Financial decisions are among life’s most complex decisions, which is why many people turn to professional financial advisers for help. While the profession has its supporters, it also has a large group of critics. Most of these critics argue that advisers don’t truly act in your best interest as true “fiduciaries,” but instead, will simply talk you into doing whatever is most profitable for them personally. Some even doubt whether advisers are capable of offering sound advice, even if they wanted to.
So what’s the primary problem with financial advisers: Misaligned incentives, or misguided beliefs? A surprising study by three economists gives emphatic support to the latter position.
After surveying more than 4,000 Canadian financial advisers and half a million of their clients, the academics concluded that the vast majority of advisers made many of the classic rookie mistakes of personal finance. They relied on expensive actively managed mutual funds instead of the low-cost index funds, which are proven to make for a better portfolio. And they also attempted to “time the market” by jumping in and out of mutual funds.
At Least They’re Consistent
And here is the most surprising part of the study. The financial advisers didn’t just subject their clients to their bad advice. They also followed it themselves, in their own portfolios, and even did so after making career moves to other professions.
Of course, both advisers and clients ended up poorer as a result. The economists found that the bad decision to use high fee, actively managed mutual funds reduced returns by 2.4% a year for both adviser and client portfolios. That may not sound like much, but over the lifetime of a portfolio, it can be devastating. For example, with a 60-year investment horizon, typical for today’s 30-something investors, an annual reduction of 2.4% per year leads to nearly 80% of the client’s initial wealth being paid out in fees! Furthermore, the less an adviser’s portfolio followed common sense investing rules, the worse off her clients’ portfolio performance tended to be.
The study found that most of the financial advisers made terrible investment decisions for themselves, and then went on to inflict these poor investment behaviors on their clients. In fact, the study finds that the adviser’s trading behavior turned out to be the best predictor of clients’ trading behaviors. For example, advisers who used the most expensive funds had clients that did the same and vice versa. In fact, clients who moved from one adviser to another tended to start trading in synch with their new counsel. The study suggests that if you want to know about an individual’s personal financial decisions, the best place to look is in the portfolio of the person’s adviser.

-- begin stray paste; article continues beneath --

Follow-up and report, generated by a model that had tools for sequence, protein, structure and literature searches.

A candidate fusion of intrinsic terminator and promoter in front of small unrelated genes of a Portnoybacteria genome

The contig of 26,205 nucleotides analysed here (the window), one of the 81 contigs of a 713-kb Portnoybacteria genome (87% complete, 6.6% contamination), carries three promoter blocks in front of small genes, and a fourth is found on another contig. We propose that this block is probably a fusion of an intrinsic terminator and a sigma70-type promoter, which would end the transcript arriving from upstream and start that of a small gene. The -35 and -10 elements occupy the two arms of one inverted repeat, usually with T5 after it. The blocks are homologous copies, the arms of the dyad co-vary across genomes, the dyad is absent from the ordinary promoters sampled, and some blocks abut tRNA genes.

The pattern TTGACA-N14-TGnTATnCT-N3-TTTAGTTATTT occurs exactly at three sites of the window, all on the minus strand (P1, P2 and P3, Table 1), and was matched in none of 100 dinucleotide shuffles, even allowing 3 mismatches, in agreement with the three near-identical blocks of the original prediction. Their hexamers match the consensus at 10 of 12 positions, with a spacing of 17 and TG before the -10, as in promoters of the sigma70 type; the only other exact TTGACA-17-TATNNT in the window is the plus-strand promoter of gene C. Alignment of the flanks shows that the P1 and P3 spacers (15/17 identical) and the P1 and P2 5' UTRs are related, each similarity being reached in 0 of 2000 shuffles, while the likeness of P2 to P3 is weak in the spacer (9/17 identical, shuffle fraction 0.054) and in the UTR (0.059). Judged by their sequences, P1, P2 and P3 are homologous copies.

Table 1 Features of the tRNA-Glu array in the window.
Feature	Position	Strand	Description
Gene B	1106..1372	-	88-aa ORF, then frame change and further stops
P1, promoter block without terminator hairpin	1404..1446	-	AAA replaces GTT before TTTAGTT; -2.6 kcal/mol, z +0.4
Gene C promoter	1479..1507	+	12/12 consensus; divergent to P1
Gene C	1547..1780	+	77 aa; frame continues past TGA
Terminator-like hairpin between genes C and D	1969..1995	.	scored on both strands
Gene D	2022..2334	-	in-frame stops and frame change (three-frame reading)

Some might argue that financial advisers should at least get credit for “practicing what they preach” in terms of financial advice. But the results of the study emphasize that you shouldn’t discount the possibility of conflicts of interest for advisers, on account of the financial incentives to sell certain products, as well as advisers being sincerely misguided in their views of personal finance.
This study, which examines data from 1999 to 2013, is aptly named “The Misguided Beliefs of Financial Advisors.” It was written by Juhani Linnainmaa, Associate Professor of Finance and PCL Faculty Scholar at the University of Chicago Booth School of Business; Brian Melzer, Assistant Professor of Finance at Northwestern University’s Kellogg School of management; and Alessandro Previtero, Assistant Professor of Finance at the Indiana University Kelley School of Business. The three used data provided by three major Canadian financial institutions.
The table below summarizes some of the study’s findings on the characteristics of the portfolios of these financial advisers as well as those of their clients. In every case, the two were strikingly similar.
The first two areas, active management and high fees, are closely related. Both sets of portfolios had nearly 99% of their funds invested in actively managed funds. And these funds are expensive, with annual fees that average close to five times the cost of a passively managed index fund.